Jump to content


Photo
- - - - -

Looking for Green Howards photos/book recommendations


  • Please log in to reply
35 replies to this topic

#1 Bazooka Joe

Bazooka Joe

    Member

  • Registered Users
  • PipPipPip
  • 53 posts

Posted 26 September 2011 - 12:06 PM

Hi troops,
As you can see from the thread title I'm looking for WWII photos of The Green Howards. I've had a look around the net without much luck (I did find a couple on the IWM site) but I'm sure there must be many more out there. Do any of you have any you could post, or know of anywhere I can get hold of some?

I'm also interested in reading "The Story of The Green Howards 1939-1945" by Captain W.A.T. Synge, but am unwilling to shell out 200 pounds in order to do so! Does anyone know if this can be obtained at a reasonable price anywhere?

Failing that, does anyone have any other recommendations as to worthwhile reading (both internet links and real books) on the Green Howards in WWII (particularly 6th and 7th battalions).

Thanks in advance for any assistance.
Regards
Joe
  • 0

#2 Drew5233

Drew5233

    Very Senior Member

  • Registered Users
  • 25,148 posts
  • LocationLeeds, West Yorkshire

Posted 26 September 2011 - 12:58 PM

One of the forum members has written a book about his father who was in the Green Howards throughout the whole of the war. Its well mentioned on here just do a search on the forum.

It might be worth a look through this link:

green howards - AbeBooks
  • 0

#3 minden1759

minden1759

    Senior Member

  • Registered Users
  • 613 posts

Posted 26 September 2011 - 01:14 PM

Bazooka Joe.

Try the Prince Consort's Library in Aldershot. They are brilliantly helpful.

Have you tried their RHQ in Richmond?

Regards

FdeP
  • 0

#4 Paul Reed

Paul Reed

    Ubique

  • Super Moderators
  • 6,562 posts
  • LocationUK/France

Posted 26 September 2011 - 01:26 PM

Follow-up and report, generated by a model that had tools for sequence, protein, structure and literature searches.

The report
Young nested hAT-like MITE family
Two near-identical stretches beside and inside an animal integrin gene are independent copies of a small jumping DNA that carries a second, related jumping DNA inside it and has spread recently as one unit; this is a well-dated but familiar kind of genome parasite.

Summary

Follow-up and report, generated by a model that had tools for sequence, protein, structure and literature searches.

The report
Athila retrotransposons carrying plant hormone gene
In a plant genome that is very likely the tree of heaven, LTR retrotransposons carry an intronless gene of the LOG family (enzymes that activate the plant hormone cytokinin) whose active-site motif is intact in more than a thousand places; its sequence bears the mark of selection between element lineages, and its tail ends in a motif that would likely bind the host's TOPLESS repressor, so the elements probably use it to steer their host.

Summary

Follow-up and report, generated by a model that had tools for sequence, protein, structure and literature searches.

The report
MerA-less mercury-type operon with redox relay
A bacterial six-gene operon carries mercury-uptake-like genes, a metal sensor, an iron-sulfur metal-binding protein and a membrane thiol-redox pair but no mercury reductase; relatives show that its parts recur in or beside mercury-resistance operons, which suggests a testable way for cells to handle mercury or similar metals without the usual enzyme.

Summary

There is also Robin Hasting's An Undergraduate's War. He served as an officer and commanded 6th Green Howards on D Day. It was published as late as 1997 but is pretty hard to get hold of, but the library mentioned above will likely have a copy.
  • 0





 

"The only way you get out of infantry is on a stretcher or six feet under..."

Battlefields of WW2
: The Guide to visiting WW2 Battlefields.

www.ww2battlefields.com


#5 Bazooka Joe

Bazooka Joe

    Member

  • Registered Users
  • PipPipPip
  • 53 posts

Posted 26 September 2011 - 02:22 PM

Thanks for the recommendations so far guys. I'll take a look at "Fighting Through". Unfortunately I'm in Denmark, so visiting libraries in the UK is a bit of a project. I haven't yet contacted the museum or RHQ, but I think I'll have to do so soon.

Regards
Joe
  • 0

#6 minden1759

minden1759

    Senior Member

  • Registered Users
  • 613 posts

Posted 26 September 2011 - 03:47 PM

Bazooka Joe.

You can get books sent out to you by PCL in Aldershot.

FdeP
  • 0

#7 paulcheall

paulcheall

    Private

  • Registered Users
  • 149 posts

Posted 26 September 2011 - 04:02 PM

Hey Joe (Sorry, couldn't resist that! ;) )
Fighting Through from Dunkirk to Hamburg is my Dad's story so thanks to whoever recommended it - they have good taste! (Drew?)

I am lucky enough to have inherited a copy of Synge from my Dad and it is truly a definitive book, well-written and illustrated and worth the money - I believe will only ever increase in value. I keep an eye open and have never seen a cheap copy.

On the subject of pics of the Green Howards, it's coincidence that I have just posted another load on my web site, thanks to a 92 year old GH 6th battalion veteran called Wilf Shaw. Wilf was in many of the same actions as my Dad and was even wounded twice yet still returned to the fighting!

He's been sending me allsorts and more to come but I've created some pages on Dad's web site for him in order to share with others. Hot off the press are some he sent me taken at Qassasin camp- awesome. I have not yet had time to post those but here are a random couple attached for those who are interested. More to be posted the next few days so I will re-post in the forum to let people know.

There are many photos from my Dad's collection and others from comrades families who have been in touch, again several superb photos which I still have not had time to post.